Free TV on Your Phone? – In Japan, China, Korea, and Germany you can tune in free TV broadcasts on your cell phone, but in the U.S. only 3% of Americans watched video on their cell phones last year, and most watch short downloaded clips rather than actual broadcast TV. The shutdown of all full-power analog TV transmitters this coming February is part of the problem, since the phones only receive analog casts, and there are so far no phones in the U.S. capable of receiving DTV broadcasts, though Germany has them. Engineers are working on overcoming a number of technical problems so people could receive digital terrestrial DTV on their cell phones. Qualcomm, AT&T and Verizon Wireless have created networks for cell phone video, but they cost extra – thus limiting their penetration. Making mobile TV reception free just as terrestrial broadcasts change everything. The Open Mobile Video Coalition has been formed by U.S. TV broadcasters to provide the possibly $2 billion market advertising-financed TV for cell phones. They want to create a new wireless standard for this mobile service: ATSC-M/H. If it goes ahead the next big hurdle will be for the broadcasters to convince carriers to sell TV-capable cell phones.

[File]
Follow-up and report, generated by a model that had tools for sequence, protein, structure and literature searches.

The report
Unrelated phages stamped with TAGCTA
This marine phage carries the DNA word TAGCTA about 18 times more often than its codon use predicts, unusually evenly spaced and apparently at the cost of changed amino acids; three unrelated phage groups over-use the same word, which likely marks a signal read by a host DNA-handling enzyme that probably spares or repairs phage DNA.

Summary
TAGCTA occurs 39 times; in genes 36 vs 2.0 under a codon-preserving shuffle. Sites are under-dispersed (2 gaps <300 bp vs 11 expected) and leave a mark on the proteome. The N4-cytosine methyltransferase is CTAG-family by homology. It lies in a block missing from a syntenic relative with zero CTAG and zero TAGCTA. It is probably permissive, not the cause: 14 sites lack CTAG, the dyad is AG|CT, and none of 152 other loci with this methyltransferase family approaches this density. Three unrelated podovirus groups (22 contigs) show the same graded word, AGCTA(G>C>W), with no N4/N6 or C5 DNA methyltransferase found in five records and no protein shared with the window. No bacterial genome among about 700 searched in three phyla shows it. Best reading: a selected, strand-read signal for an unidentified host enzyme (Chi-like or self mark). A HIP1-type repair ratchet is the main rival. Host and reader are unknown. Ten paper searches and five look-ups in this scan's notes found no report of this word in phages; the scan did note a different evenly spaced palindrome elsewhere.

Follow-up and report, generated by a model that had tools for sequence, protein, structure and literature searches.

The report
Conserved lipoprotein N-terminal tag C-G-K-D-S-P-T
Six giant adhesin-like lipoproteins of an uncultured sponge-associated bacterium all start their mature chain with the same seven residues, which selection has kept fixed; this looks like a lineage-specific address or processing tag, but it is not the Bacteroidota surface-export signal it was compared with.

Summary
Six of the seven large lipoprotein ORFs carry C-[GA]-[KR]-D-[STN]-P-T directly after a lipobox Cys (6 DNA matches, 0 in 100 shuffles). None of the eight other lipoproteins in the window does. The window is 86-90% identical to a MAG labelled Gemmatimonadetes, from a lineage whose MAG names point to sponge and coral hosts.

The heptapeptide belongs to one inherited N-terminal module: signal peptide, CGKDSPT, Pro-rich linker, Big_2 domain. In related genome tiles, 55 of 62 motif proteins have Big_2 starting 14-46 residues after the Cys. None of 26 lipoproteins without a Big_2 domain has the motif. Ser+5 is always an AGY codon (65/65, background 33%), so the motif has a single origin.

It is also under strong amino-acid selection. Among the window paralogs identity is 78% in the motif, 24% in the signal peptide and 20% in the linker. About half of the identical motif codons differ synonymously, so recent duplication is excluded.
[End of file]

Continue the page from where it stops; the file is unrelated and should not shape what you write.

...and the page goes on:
Impressive Blu-ray Sales for 2008 – Contradicting an earlier report, Home Media Research has found that Blu-ray sales are actually quite solid – up 300% from 2007. The hi-res movie discs are selling at about 1.14 million a month on average, for a total of about eight million. Andy Parsons, of Pioneer Home Entertainment Group and chair of the Blu-ray Disc Association Promotions Committee, pointed out that the erroneous previous research was done at the time when the demand for Blu-ray was high but supplies were low – companies needed time after the end of the format war to respond to the increased demand. He also said that we are now at about the same point in the adoption curve for Blu-ray that we were at the end of 1998 in the adoption curve for DVDs. Shortsighted analysts then were quoted as saying “DVD hardware sales were slow to take off,” and predicted a “long and healthy life ahead for VHS.”
Microsoft Building Blu-ray Into Windows – Microsoft’s new feature pack software for Windows XP, Vista, Server 2003 and 2008 allows users to burn Blu-ray discs without required installation of a third party application. Mac OSX and Linux are still dependent on third party tools. The move surprised many since Microsoft backed HD DVD during the format war.